Its session will be terminated when the SSH connection is not being used, which will disconnect the client machine. To avoid this, we can increase the session duration so that the session will not be disconnected for a long time due to the inactivity of the SSH.
The session’s timeout due to inactivity is beneficial for security purposes. However, it may be irritating sometimes.
This post will enlist the method to increase the SSH connection timeout. The content of the post is as follows:
- Prerequisites: Install and Enable SSH on the computer
- Set the Keep-Alive Option in the Server Configuration File
- Set the Keep-Alive Option in the Client Configuration File
Before proceeding with the method, we must fulfill the blog’s prerequisite.
Prerequisites: Install and Enable SSH on the computer
To learn the method of increasing the SSH connection’s timeout duration, ensure it is installed on both the client and the Host computer. If it is not, users can take help from the mentioned link to install and enable SSH on the computer.
After ensuring the installation of the SSH on the computer, we will increase the SSH connection Timeout duration.
Method 1: Set the Keep-Alive Option in the Server Configuration File
The first method to increase the SSH connection timeout is by making changes to the server machine’s SSH configuration file. When SSH is installed on the computer, its configuration file is copied to the server computer.
To make these changes, open the configuration file by using the nano text editor:
$ sudo nano /etc/ssh/sshd_config
The opened file will look:
In the configuration file, find out the ClientAliveInterval and the ClientAliveCountMax whose applications are explained:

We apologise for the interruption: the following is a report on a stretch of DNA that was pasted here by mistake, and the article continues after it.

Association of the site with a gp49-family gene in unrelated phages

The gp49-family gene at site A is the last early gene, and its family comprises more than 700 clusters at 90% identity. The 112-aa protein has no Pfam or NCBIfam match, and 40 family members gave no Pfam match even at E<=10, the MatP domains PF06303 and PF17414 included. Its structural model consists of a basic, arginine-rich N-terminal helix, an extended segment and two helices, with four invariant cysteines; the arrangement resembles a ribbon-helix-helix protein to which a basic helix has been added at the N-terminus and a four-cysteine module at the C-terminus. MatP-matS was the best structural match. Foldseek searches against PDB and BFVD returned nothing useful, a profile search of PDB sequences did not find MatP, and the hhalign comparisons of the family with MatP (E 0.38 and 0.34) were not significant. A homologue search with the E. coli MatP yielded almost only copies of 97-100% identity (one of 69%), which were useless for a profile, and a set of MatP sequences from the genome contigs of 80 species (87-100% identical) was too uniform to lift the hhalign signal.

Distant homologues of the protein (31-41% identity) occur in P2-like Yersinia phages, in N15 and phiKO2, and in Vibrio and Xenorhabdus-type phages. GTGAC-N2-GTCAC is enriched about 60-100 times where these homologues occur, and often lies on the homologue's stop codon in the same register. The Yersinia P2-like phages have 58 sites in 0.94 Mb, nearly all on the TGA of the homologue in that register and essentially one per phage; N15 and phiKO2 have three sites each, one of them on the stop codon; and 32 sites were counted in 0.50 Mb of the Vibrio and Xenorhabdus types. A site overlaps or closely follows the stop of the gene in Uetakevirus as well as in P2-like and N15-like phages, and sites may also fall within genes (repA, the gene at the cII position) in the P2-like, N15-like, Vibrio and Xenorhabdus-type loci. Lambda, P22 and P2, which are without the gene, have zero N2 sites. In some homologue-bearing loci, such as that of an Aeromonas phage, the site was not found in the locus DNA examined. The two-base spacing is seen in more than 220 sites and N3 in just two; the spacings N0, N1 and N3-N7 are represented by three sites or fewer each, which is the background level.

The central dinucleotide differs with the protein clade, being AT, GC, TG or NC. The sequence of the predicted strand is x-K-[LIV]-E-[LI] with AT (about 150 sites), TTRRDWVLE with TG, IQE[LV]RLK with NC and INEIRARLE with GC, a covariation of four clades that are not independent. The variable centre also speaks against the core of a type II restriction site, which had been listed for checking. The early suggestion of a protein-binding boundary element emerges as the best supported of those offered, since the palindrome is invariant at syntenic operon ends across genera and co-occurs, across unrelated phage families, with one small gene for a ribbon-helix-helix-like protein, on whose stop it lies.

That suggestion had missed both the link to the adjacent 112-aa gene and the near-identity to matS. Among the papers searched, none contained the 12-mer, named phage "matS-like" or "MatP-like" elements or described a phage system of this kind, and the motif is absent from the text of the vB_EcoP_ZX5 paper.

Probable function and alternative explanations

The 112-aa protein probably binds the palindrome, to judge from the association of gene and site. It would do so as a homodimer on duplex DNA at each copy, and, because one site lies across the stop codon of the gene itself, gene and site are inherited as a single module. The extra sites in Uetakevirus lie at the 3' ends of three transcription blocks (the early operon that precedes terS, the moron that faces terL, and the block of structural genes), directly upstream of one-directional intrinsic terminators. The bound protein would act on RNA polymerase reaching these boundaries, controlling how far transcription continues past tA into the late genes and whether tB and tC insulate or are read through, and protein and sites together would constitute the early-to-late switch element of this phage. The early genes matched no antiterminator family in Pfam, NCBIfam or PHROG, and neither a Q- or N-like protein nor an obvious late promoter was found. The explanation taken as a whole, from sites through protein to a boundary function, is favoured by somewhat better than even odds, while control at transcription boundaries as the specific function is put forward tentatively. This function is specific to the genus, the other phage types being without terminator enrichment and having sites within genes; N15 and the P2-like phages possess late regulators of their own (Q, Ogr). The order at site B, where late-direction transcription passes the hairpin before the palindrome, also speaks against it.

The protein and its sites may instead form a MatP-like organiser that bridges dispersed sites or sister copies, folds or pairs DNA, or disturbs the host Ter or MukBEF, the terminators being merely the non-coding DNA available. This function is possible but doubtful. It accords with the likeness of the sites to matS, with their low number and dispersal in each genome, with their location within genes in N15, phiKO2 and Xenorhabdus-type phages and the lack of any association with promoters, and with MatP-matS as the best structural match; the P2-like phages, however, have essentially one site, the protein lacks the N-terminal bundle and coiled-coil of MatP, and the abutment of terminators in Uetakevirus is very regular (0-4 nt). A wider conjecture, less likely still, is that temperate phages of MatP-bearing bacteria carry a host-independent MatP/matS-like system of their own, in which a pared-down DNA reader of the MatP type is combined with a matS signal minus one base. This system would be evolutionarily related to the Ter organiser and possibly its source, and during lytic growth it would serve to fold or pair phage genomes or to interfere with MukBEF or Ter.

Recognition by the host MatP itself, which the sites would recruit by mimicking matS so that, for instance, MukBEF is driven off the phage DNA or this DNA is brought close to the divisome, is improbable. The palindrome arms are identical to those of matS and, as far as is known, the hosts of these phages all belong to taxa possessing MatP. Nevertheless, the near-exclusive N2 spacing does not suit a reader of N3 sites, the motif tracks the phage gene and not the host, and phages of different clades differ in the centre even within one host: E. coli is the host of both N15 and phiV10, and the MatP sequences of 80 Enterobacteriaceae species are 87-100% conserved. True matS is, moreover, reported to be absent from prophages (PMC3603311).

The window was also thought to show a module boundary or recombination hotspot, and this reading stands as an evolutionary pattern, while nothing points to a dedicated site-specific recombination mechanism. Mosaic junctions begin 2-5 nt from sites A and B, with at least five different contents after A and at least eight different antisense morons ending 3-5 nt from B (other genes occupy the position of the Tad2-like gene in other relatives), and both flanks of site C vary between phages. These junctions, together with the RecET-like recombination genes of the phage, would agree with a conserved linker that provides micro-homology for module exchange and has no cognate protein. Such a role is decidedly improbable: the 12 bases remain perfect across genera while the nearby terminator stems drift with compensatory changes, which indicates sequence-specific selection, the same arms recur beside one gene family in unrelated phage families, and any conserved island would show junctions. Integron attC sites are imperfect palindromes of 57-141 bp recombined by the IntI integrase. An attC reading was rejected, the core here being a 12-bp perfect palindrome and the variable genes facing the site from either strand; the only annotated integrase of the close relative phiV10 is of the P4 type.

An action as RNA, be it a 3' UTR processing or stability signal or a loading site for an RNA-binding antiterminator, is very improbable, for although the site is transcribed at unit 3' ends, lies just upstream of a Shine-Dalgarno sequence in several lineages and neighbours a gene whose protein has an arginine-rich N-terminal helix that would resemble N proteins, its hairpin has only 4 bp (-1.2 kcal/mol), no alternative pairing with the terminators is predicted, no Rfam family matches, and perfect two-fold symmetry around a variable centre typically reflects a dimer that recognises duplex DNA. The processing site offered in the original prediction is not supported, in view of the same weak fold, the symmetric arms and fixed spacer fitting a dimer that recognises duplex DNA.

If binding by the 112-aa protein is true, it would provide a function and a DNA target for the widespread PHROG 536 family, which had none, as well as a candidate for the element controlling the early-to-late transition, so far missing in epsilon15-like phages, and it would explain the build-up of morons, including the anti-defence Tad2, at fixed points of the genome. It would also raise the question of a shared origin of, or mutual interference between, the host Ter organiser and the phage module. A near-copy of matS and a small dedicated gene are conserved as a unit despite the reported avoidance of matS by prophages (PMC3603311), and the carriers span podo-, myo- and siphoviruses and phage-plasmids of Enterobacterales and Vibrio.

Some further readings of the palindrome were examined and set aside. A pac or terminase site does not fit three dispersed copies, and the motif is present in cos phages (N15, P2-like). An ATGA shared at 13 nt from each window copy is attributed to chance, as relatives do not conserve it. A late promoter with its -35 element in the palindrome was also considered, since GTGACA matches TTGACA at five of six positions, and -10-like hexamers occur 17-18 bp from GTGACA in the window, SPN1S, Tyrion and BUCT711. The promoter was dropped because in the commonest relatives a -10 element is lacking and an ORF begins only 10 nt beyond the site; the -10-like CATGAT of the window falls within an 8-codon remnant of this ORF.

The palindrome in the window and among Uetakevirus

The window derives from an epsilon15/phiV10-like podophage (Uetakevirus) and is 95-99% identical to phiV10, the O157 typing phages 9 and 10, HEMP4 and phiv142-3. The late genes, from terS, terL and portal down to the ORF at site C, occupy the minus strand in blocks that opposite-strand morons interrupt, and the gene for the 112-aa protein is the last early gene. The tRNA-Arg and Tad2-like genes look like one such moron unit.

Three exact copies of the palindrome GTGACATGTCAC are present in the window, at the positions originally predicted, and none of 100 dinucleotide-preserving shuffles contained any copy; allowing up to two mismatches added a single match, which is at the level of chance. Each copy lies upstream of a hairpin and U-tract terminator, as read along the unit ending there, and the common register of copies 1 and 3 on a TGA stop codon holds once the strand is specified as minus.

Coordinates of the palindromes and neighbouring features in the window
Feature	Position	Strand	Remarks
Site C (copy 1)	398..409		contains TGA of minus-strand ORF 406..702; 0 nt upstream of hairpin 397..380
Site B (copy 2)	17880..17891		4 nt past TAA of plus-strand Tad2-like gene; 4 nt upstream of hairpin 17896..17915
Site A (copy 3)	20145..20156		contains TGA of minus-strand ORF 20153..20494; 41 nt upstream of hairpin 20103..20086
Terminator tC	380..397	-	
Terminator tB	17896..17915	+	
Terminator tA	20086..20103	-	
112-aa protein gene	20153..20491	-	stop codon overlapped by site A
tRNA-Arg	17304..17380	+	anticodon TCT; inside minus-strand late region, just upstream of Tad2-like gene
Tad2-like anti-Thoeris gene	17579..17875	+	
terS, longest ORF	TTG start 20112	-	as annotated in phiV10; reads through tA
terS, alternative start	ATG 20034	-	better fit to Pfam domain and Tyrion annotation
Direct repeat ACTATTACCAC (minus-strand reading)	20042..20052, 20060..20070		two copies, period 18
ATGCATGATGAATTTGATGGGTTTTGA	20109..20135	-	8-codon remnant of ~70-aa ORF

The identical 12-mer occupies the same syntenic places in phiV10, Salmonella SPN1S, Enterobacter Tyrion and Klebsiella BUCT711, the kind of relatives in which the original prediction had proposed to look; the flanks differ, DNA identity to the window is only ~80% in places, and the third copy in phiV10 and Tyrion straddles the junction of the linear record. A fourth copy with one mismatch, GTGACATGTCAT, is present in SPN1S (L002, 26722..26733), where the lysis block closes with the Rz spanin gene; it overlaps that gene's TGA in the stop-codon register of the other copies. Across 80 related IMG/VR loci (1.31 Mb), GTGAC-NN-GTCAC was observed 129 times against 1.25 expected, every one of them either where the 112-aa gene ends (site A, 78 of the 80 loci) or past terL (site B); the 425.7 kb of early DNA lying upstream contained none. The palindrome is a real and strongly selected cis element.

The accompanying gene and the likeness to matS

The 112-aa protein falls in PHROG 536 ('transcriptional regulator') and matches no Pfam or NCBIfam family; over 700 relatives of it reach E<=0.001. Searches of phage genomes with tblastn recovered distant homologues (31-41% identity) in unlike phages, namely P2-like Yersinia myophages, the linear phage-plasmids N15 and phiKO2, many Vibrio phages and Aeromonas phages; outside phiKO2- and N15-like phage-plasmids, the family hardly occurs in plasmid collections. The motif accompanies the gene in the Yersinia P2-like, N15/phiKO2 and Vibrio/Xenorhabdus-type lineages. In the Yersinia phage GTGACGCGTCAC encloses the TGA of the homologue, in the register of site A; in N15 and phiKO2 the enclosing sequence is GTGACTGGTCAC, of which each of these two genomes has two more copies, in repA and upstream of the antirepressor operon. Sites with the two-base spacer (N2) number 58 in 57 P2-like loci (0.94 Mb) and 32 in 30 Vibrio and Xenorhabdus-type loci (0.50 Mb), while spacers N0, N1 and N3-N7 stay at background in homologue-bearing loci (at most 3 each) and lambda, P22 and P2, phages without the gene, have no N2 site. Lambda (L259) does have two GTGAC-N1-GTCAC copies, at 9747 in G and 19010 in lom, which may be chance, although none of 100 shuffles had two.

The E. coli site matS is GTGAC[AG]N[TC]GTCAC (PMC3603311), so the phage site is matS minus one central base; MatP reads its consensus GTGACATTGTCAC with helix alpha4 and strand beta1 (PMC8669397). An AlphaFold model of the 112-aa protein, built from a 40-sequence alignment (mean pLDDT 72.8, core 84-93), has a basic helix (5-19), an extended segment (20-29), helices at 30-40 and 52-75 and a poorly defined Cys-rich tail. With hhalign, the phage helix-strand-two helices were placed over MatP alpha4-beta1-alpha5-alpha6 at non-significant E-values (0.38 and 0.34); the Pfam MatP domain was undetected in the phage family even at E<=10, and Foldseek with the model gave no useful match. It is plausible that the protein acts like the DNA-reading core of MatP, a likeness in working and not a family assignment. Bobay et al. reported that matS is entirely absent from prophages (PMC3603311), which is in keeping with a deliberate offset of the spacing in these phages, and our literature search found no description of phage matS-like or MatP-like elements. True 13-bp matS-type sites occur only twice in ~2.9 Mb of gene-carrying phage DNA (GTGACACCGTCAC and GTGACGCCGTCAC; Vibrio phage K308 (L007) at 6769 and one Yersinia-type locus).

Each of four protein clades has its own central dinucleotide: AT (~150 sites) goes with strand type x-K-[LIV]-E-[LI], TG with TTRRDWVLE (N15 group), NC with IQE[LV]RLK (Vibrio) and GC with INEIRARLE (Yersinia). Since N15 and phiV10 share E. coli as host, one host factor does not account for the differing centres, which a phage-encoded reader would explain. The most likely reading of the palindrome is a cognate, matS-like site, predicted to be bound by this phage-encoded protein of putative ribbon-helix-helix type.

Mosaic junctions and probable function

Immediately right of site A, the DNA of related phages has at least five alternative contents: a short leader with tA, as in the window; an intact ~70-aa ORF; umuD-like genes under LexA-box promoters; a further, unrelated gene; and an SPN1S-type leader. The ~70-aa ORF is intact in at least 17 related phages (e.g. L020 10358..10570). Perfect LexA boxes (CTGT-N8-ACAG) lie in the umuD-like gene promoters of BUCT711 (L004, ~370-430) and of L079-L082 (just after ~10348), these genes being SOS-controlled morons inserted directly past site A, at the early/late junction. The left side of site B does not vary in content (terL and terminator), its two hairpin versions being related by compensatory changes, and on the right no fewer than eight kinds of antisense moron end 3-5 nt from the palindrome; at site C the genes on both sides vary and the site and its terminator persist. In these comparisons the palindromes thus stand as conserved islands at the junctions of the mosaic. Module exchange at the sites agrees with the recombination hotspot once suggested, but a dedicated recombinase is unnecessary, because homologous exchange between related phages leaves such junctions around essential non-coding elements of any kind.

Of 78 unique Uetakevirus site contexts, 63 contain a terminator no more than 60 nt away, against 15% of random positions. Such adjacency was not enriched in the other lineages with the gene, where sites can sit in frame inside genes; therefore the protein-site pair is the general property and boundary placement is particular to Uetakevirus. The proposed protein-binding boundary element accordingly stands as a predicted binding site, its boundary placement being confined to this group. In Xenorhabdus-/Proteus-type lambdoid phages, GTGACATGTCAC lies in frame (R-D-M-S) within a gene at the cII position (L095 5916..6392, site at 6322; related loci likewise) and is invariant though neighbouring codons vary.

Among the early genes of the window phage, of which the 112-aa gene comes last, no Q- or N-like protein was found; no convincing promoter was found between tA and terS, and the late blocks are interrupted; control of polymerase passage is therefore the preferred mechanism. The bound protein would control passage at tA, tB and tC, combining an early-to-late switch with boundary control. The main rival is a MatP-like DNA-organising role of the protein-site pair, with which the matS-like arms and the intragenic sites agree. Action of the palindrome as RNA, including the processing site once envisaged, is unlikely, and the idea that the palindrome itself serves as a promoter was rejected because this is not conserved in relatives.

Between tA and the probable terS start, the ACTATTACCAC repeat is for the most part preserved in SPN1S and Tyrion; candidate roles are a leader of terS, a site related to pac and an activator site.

|This value defines the timeout interval in seconds if no value is assigned then by default it is set to the 0 seconds.
|This is the counter to the alive messages sent to the client machine. If the maximum number of the alive messages get no response, then the SSH session will be the timeout
The timeout value is dependent on the above two mentioned values and can be calculated by using the formula:
Timeout value = ClientAliveInterval * ClientAliveCountMax
For example, if we assign “ClientAliveInterval” value of 3600 seconds and the counter of the “ClientAliveCounter” to the 3, then the timeout value will be set to 180 minutes. Assign these values in the configuration file:
Close the SSH configuration file after saving the changes made. Then restart the SSH using the command:
$ sudo systemctl restart sshd
The timeout of the SSH connection has been increased to 180 minutes.
Method 2: Set the Keep-Alive Option in the Client Configuration File
In this method, repeat all the steps explained to the server in the client machine. The only difference is ClientAliveInterval, and the ClientAliveInterval will replace the ServerAliveCountMax, and the ServerAliveCountMax, respectively. Users are supposed to add these two variables with the values in the file.
This method is recommended because if changes are made in the server machine, then it will apply to all the connected client machines. If the changes are made in the configuration file of SSH of the client machine, then it will apply only to that particular machine. This is much beneficial concerning security concerns.
These two methods can be used to increase the SSH connection Timeout.
To increase the SSH connection timeout, change the values of ClientAliveInterval, and the ClientAliveInterval in the Server’s SSH configuration file. Also, the session of timeout can be increased by adding the values of ServerAliveInterval, and the ServrAliveInterval in the client’s SSH configuration file. This blog explains both methods in detail to increase the duration of the timeout session, which is beneficial for Linux users.